The Many Pains of Poverty

   I see so many different forms of poverty every day, and experience many aspects of it myself. The pain caused by poverty is mostly hidden, felt inside the person experiencing it daily.

  There is the physical pain of hunger. This is not always caused by not having food to eat, but many times just skipping meals to make what is in the cupboard last longer. There is also the pain of walking through a grocery store and seeing all the things you wish you could buy, but you stay focused on your list, on the essentials, and you smile at the people you pass…so they can’t see. You smile again when, even though you did the math so carefully, you see the total at check out and realize the package of chicken you picked up has put you over the $10 you have in your wallet. You smile as you ask the cashier to take it off the list, you smile at the customers behind you and play it off like you just forgot to take some more money out of the atm, or left your card at home. You pretend it’s all just fine, until you are safely out of the store, and then you cry when you get in your car, where no one sees. Food banks are always a resource, but you can’t get milk, butter, meat, vegetables or any other fresh food.

Then there is the pain of being physically ill, and knowing that even if you go to the ER, (your only option with no money  or insurance), that they will run tests you can’t afford, give you prescriptions you will never fill, and tell you to see your primary for follow-up, which you are unable to do either, so you just don’t go. I knew I had skin cancer for over a year before I found treatment where I could make payments, and even then, was unable to pay all of it after the surgery. Even now, I need follow ups that I just can’t afford to go to yet. The “free” clinics are full, and even if you can get in, if you or your spouse work they will say you don’t qualify, same with Medicaid.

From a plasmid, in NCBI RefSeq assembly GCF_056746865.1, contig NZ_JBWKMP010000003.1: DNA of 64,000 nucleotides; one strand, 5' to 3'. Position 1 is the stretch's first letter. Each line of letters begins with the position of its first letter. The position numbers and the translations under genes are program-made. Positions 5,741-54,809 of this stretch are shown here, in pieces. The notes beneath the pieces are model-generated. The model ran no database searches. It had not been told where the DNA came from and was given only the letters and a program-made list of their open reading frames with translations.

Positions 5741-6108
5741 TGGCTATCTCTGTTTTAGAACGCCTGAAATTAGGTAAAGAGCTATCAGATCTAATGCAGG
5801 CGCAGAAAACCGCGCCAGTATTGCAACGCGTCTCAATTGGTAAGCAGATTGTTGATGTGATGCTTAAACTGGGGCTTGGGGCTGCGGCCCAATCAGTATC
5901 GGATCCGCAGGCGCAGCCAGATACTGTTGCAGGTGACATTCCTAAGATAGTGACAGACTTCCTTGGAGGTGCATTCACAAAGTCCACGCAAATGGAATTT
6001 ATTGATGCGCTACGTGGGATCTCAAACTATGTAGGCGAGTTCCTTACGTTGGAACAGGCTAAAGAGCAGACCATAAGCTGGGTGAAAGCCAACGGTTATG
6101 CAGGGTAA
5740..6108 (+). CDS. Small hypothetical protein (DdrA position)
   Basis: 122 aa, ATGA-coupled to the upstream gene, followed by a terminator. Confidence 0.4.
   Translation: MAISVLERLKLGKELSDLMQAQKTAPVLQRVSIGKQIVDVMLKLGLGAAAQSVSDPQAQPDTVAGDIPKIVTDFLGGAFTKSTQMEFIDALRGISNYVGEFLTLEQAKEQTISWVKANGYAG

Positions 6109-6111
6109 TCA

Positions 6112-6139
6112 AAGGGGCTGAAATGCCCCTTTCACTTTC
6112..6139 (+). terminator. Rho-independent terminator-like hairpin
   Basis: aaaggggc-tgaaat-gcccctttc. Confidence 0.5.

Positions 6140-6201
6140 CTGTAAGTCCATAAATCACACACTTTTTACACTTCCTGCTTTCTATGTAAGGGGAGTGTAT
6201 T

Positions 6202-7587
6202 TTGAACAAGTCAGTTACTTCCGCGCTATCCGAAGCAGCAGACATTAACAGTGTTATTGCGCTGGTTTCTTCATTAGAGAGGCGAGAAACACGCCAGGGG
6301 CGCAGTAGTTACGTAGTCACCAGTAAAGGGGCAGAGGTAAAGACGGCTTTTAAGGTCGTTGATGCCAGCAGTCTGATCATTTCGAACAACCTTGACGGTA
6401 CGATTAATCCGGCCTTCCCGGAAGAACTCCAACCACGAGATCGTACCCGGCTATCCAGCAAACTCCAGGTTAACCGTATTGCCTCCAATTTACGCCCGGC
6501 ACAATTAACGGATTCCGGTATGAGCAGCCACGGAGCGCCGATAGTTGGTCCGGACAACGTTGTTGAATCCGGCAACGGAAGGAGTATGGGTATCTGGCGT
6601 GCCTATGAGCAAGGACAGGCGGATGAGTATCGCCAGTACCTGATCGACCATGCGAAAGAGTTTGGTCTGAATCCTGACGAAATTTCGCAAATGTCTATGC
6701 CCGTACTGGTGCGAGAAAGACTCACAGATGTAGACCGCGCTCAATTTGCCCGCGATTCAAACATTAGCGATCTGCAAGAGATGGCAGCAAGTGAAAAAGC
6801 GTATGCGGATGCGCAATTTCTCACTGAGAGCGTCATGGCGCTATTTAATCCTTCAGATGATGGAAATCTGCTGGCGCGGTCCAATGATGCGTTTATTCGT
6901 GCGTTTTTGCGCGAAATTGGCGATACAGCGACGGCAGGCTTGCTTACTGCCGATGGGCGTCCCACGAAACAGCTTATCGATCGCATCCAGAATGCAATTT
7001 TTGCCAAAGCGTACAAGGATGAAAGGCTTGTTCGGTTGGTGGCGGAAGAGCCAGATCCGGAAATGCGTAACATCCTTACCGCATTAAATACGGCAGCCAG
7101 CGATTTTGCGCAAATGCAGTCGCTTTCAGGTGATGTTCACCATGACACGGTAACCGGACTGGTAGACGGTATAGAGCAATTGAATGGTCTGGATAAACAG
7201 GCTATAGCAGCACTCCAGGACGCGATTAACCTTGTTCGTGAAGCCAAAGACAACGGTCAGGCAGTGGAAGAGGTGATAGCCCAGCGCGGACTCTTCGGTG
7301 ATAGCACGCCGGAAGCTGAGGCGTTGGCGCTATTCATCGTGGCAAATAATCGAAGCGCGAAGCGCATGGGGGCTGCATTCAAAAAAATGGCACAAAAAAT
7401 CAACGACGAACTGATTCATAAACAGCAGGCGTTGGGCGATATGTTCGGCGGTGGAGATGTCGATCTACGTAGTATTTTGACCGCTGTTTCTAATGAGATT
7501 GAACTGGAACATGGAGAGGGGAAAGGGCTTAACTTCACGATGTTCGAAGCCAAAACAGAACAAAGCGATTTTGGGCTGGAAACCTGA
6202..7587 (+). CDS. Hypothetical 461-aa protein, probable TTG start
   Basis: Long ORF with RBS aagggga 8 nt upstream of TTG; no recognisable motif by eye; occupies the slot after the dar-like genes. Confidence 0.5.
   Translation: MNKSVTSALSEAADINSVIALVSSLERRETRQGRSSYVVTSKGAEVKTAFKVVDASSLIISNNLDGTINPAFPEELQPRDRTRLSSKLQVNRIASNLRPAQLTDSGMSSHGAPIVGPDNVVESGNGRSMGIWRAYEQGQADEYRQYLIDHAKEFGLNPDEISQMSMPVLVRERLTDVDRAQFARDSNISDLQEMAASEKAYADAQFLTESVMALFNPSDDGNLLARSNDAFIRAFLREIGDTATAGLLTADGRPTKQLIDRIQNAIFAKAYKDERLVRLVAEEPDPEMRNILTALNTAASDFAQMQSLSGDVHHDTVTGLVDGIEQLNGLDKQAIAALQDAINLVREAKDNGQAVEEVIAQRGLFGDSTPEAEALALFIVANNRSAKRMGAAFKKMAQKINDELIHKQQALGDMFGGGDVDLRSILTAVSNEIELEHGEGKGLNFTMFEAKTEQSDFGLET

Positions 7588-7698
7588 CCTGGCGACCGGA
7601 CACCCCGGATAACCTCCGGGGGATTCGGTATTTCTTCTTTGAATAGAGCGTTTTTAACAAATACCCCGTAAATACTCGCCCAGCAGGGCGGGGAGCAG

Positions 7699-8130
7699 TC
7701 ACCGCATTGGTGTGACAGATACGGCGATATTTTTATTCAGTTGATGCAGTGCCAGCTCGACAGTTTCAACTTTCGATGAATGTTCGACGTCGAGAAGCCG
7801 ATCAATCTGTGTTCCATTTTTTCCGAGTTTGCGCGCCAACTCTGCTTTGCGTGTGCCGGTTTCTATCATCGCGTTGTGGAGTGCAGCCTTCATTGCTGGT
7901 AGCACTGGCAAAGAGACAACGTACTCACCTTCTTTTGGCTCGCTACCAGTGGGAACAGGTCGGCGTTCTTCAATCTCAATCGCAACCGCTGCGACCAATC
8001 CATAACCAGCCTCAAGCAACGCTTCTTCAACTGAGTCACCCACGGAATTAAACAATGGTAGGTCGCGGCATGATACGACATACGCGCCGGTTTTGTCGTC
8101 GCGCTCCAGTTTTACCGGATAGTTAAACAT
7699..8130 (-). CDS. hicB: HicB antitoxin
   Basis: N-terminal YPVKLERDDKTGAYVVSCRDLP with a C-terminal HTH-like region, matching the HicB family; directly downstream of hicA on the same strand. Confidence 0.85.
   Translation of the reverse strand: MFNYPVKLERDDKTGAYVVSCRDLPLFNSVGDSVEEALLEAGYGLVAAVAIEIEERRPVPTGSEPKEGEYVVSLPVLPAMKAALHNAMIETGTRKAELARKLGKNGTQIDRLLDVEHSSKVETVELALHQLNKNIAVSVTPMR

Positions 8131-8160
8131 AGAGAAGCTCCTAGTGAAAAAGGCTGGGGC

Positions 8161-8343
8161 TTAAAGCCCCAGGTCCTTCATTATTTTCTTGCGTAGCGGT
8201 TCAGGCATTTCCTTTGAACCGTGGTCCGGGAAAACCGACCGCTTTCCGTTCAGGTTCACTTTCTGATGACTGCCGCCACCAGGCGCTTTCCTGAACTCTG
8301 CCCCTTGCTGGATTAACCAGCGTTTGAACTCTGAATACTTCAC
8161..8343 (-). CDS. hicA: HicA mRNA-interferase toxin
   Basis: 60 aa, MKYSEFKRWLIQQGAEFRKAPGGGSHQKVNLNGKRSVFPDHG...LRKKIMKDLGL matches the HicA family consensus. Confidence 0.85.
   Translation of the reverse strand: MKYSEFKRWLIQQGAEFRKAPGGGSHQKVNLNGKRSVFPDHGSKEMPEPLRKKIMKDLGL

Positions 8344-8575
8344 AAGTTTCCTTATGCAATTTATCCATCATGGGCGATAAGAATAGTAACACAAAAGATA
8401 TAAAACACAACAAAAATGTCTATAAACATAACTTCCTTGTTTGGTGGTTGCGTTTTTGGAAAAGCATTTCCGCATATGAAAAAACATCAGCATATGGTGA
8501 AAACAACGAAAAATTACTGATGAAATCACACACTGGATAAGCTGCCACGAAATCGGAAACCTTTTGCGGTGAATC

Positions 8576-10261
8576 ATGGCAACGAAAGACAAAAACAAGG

I can’t even begin to describe the most recent pain of missing my daughter’s wedding…something I can never get back, and can’t even write about…the pain is still too raw.

The worst pain of all is having to deal with the shame and embarrassment. No one wants to ask for help from friends and family. No one wants to admit that they can’t pay their own bills or buy food. Being judged, made to feel like you are to blame for your poverty is what I will never understand. Life is hard, and no matter how hard you try, you can get thrown. I have some wonderful people in my life who have helped us, some of them many times over, without me ever having to ask, and I am so grateful, and beyond blessed. My husband and I have had some very rough times the past few years, gotten a bit better, and then traveled back down to the “what shall we do now” hell of poverty. My most recent endeavor, starting the fund-raising post to raise money for our bills was not easy for me to do. I am embarrassed, and feel shame constantly, but I had to do something. Losing your pride is also very painful, but necessary to survive poverty. I guess I just don’t want to feel judged anymore, because unless you have been where I have been, you have no true understanding, and thus are in no place to judge. I pray no one ever has to feel this way, that everyone I know, and don’t know, will always be blessed. A roof over your head, enough food to eat, bills paid, time to enjoy life instead of living every day just surviving and wondering if it will all be alright. I try to keep my eyes on God, and my trust in Him…but, it’s not always easy. On this day I have food, a roof, a bed to lie down on, my dogs to keep me company, and a husband working 1200 miles away…the bills are tucked away in a drawer, not seen, but I know they are there…like my shame, my fear, and my poverty.

Oh, and just a last word. I don’t want your pity, and I don’t need your judgement. I wrote this to hopefully find some understanding and empathy…because in the end, that is what we all need most.

©Kim Hood 2013

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13 comments on “The Many Pains of Poverty

  1. Pingback: Are you P.C. about Christmas? | Quiet Desperation

  2. You have articulated what so many are going through, some able to “hide” it better than others as if it is something shameful or even one’s fault, and not the result of other’s greed, of the fickleness of fortune, and often of systems that are culturally invisible and accepted. I am grateful for your articulateness and wonder if you’ve considered submitting this piece or a version of it as an op ed in a newspaper or perhaps in a magazine like The Sun or some place more visible than your blog. Your courage and articulateness is important and necessary. I hope you are able to get the full treatment you need for your cancer and that you continue to have angels and blessings, for you deserve more than sacrificing needed health care and struggle. Everyone deserves better, yet too many are struggling. All best to you and thank you for your post…also for visiting my blog.

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  3. Pingback: Article on Social Innovation with Poverty and Hunger | lachscott5

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